Effectiveness of Project WILD Classroom Instruction at the Middle School Level in South Dakota

Kearns, Maria Swain

Project WILD, an environmental education curriculum, celebrates widespread use in the United States and several countries around the world. This study measures the effectiveness of Project WILD versus non-WILD methods of instruction in addressing environmental education objectives with South Dakota middle school students. South Dakota middle school teachers were randomly assigned to blind, non-WILD, or WILD treatment groups. Workshop-trained non-WILD and WILD treatment groups taught an ecosystem unit using either a non-WILD or WILD instructional approach. Pre-testing, post-testing, and retention student testing used an identical prompt requiring student written response. A scoring rubric was used to rate the responses of students. Results showed overall low scores and no significant differences. Student written responses reflected difficulty with written communication and reading skills. In future studies, use of such an alternative assessment approach might stand alongside a standardized approach, providing additional verification of findings.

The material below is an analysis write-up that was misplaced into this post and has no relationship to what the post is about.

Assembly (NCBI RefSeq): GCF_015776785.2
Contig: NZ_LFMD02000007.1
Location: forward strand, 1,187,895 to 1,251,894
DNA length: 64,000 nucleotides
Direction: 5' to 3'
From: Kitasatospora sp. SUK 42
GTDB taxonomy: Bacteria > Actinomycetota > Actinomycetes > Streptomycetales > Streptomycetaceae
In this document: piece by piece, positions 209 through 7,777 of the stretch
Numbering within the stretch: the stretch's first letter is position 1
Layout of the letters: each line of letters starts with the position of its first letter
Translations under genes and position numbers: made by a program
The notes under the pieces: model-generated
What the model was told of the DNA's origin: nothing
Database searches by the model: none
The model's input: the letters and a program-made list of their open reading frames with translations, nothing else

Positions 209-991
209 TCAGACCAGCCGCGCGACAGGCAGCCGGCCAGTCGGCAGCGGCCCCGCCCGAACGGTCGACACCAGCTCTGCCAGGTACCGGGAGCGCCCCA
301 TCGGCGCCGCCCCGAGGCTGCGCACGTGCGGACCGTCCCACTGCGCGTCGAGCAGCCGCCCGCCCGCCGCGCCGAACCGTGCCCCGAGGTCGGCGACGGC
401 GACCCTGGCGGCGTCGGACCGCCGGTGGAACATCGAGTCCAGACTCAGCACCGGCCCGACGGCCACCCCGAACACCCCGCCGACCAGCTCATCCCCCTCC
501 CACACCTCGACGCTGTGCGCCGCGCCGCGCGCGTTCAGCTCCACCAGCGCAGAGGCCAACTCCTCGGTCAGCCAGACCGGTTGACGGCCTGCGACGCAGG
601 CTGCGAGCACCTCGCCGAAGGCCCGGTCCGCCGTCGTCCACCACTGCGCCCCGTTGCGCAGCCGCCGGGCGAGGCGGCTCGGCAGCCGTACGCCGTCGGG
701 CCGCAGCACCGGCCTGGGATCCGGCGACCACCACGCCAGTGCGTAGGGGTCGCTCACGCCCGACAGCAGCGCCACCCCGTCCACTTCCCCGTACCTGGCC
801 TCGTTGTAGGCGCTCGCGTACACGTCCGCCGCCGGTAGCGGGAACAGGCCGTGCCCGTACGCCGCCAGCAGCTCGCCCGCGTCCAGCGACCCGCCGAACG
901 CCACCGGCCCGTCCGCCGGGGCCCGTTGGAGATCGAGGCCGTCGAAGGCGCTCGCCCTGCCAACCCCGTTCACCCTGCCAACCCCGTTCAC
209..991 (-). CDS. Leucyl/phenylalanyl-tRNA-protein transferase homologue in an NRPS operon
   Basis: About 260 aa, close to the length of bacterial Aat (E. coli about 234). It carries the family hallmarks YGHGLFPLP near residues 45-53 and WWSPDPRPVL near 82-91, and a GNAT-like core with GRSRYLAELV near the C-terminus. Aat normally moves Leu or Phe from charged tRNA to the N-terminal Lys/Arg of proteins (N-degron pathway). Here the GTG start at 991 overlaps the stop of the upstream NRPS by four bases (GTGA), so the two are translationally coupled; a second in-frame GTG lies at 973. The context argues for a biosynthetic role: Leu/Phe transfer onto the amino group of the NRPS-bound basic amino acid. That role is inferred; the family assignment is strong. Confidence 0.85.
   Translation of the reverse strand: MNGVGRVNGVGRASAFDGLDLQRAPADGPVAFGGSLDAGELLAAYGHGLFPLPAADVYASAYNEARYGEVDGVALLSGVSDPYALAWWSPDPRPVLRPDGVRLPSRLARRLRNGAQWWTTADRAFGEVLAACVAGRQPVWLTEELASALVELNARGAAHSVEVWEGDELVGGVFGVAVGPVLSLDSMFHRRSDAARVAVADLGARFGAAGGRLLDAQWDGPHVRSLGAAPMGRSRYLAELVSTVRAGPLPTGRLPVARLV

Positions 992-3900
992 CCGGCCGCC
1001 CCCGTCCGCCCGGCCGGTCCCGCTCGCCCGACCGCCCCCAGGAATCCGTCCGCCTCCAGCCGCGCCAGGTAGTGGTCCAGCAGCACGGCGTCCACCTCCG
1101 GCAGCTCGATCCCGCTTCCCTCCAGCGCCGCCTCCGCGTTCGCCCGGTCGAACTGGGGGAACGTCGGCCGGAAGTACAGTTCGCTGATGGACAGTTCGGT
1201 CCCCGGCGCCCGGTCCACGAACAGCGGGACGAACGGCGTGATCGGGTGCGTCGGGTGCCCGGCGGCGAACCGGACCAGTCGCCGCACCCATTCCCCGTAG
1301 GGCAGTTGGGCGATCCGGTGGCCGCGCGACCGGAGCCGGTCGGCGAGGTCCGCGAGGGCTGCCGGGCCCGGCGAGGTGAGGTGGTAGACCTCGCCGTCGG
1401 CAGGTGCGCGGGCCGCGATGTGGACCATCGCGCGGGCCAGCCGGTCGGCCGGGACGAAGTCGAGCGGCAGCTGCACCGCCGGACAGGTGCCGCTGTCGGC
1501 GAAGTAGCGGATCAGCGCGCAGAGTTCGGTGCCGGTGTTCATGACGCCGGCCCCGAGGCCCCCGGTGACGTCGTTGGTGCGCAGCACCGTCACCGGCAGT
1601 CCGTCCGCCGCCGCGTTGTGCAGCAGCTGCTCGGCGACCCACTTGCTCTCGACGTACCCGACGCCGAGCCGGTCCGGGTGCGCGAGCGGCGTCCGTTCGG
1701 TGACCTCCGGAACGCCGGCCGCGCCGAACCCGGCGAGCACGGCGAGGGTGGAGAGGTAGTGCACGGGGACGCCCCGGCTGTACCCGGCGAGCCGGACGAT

Pedagogical Area
  • environmental education
Delivery Area
  • school based
  • on site day programs (nature center, farm, etc.)
Outcome Area
  • academic performance
  • environmental knowledge, attitude and awareness
Participant Area
  • student
  • educator
  • program
Age Area
  • elementary (6-11 years old)
  • middle school (12-14 years old)